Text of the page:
Livestock producers must take special care when freezing and thawing colostrum

While no producer enjoys thinking about it, sometimes situations arise on the farm that require bottle feeding a newborn animal. Sometimes the mother dies, sometimes there might be an issue with udders or teats, or sometimes the mother might refuse the baby, either from lack of experience or for unknown reasons. Whatever the case might be, producers should be sure to keep colostrum on hand for emergencies.

Colostrum is the milk that is produced for a few days after birth and is characterized by high protein and antibody content – a proper amount of colostrum ensures the critical development of a newborn’s immune system. Colostrum is typically yellow in color and is thicker than “regular” milk.

When it comes to preserving colostrum for future use, cow and goat colostrum is typically what is used. While there are breeds of dairy sheep that could be milked for this purpose, they are not common in this area, so cow and goat colostrum is more accessible. After ensuring that the newborn calves and kids have ingested enough colostrum, healthy dams can be milked by hand or machine to preserve some of the excess. Older females tend to produce greater quantity and quality.

When preserving goat colostrum for goat kids (and lambs as well), producers should be taking steps to prevent the spread of Caprine Arthritic Encephalitis (CAE). Heating the colostrum to 133 degrees for one hour prior to freezing will kill the virus if it is present.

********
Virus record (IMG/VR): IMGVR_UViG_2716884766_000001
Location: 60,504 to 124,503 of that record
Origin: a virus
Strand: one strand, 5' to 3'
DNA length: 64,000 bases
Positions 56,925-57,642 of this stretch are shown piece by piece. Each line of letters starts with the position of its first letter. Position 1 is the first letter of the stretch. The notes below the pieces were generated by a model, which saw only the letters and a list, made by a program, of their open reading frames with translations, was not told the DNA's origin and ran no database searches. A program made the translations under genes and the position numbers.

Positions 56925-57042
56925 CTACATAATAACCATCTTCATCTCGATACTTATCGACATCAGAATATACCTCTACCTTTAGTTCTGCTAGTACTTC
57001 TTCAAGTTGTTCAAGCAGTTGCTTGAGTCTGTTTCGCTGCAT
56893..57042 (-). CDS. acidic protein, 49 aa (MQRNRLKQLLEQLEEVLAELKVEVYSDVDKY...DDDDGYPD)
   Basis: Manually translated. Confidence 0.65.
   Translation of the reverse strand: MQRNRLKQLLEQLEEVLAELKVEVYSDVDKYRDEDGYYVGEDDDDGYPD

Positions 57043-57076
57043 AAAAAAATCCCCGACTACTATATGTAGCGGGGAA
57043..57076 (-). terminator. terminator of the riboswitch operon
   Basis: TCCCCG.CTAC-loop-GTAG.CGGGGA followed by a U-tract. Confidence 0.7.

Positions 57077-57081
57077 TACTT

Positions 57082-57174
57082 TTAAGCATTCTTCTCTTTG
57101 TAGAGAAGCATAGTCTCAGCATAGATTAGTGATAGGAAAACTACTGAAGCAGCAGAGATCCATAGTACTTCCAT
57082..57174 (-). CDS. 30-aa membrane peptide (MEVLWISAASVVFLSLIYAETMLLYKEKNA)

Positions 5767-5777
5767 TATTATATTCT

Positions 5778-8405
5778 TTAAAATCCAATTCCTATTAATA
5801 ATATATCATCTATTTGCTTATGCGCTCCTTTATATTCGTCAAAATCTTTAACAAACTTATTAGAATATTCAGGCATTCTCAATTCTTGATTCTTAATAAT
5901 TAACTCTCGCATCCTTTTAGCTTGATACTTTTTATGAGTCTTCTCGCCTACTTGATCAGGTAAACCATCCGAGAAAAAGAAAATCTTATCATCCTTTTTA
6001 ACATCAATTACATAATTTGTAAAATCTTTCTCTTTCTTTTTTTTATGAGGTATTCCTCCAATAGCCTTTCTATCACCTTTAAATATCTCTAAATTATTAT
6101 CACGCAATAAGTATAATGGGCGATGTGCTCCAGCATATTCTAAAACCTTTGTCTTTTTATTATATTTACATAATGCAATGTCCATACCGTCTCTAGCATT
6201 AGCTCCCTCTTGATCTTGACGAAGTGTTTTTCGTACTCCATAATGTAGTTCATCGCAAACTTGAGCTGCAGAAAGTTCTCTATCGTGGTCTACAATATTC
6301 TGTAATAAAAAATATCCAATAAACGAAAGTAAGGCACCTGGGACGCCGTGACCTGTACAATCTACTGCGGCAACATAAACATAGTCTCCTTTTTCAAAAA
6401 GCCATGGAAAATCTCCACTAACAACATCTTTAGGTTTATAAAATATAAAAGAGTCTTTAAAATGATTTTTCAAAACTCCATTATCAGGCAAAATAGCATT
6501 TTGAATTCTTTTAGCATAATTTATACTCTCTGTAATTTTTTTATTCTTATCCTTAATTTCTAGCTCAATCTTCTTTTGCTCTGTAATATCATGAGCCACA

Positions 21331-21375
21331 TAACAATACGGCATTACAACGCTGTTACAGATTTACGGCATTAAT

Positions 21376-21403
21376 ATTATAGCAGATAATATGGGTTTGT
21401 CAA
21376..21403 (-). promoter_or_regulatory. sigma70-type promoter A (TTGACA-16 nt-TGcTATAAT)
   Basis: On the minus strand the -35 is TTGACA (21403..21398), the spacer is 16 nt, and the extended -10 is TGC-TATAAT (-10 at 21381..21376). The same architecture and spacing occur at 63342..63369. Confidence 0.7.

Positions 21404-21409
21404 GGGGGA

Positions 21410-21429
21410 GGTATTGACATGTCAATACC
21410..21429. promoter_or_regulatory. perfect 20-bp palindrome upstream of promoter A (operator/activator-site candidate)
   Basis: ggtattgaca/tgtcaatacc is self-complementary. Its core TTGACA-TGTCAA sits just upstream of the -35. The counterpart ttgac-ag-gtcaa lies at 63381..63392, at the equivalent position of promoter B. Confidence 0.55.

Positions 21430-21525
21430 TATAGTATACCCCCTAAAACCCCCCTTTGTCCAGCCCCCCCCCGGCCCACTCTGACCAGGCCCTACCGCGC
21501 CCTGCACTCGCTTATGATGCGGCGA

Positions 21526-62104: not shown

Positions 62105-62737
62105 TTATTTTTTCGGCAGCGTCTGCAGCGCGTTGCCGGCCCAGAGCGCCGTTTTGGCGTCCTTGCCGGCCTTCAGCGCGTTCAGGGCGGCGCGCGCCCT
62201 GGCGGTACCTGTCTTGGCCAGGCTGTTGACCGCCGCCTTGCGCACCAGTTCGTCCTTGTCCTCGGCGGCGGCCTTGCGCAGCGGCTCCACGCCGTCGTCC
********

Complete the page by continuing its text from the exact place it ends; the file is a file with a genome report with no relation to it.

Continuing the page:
“We use powdered cow colostrum or heat-treated colostrum from negative does for Caprine Arthritic Encephalitis prevention,” Lesley Million of Terrell Creek Farm in Fordland, Mo., said.

For short term use, colostrum can be kept in the refrigerator for up to three days. For long term use, freezing in small batches is the best option. Colostrum can be stored up to six months frozen, and this method preserves the necessary bacteria. Freezing does not, however, preserve the white blood cells present in the colostrum, but this can actually be a benefit for disease prevention.

Freezing and thawing destroys white blood cells or leukocytes. There is evidence that white blood cells are beneficial to calves, however not much is known about how important the role of white blood cells is in colostrum. A benefit to freezing colostrum is that Bovine Leukemia Virus is stored in the white blood cells and is effectively inactivated by freezing and thawing colostrum.

Batches should be small to avoid waste. Once colostrum has been thawed and reheated, it cannot be refrozen or the necessary antibodies and proteins will be compromised.

To safely and effectively thaw colostrum, place frozen bags in hot water, recommended Glenn Selk, Oklahoma State University Cooperative Extension emeritus animal scientist. This will thaw the colostrum and warm it to temperature without damaging any antibodies.

It is not practical for every producer to own a dairy cow or dairy goat to obtain colostrum from, so if colostrum is needed from off the farm, it’s best to plan ahead prior to calving, kidding or lambing season.

“If there is a dairy in your area, the opportunity may exist to obtain some natural colostrum from newly freshened dairy cows,” Selk said. “Avoid obtaining colostrum from dairies known to have had an incidence of Johnes Disease.”

Powdered colostrum can be also obtained from many farm supply stores or through a veterinarian if fresh or frozen colostrum is not an option.


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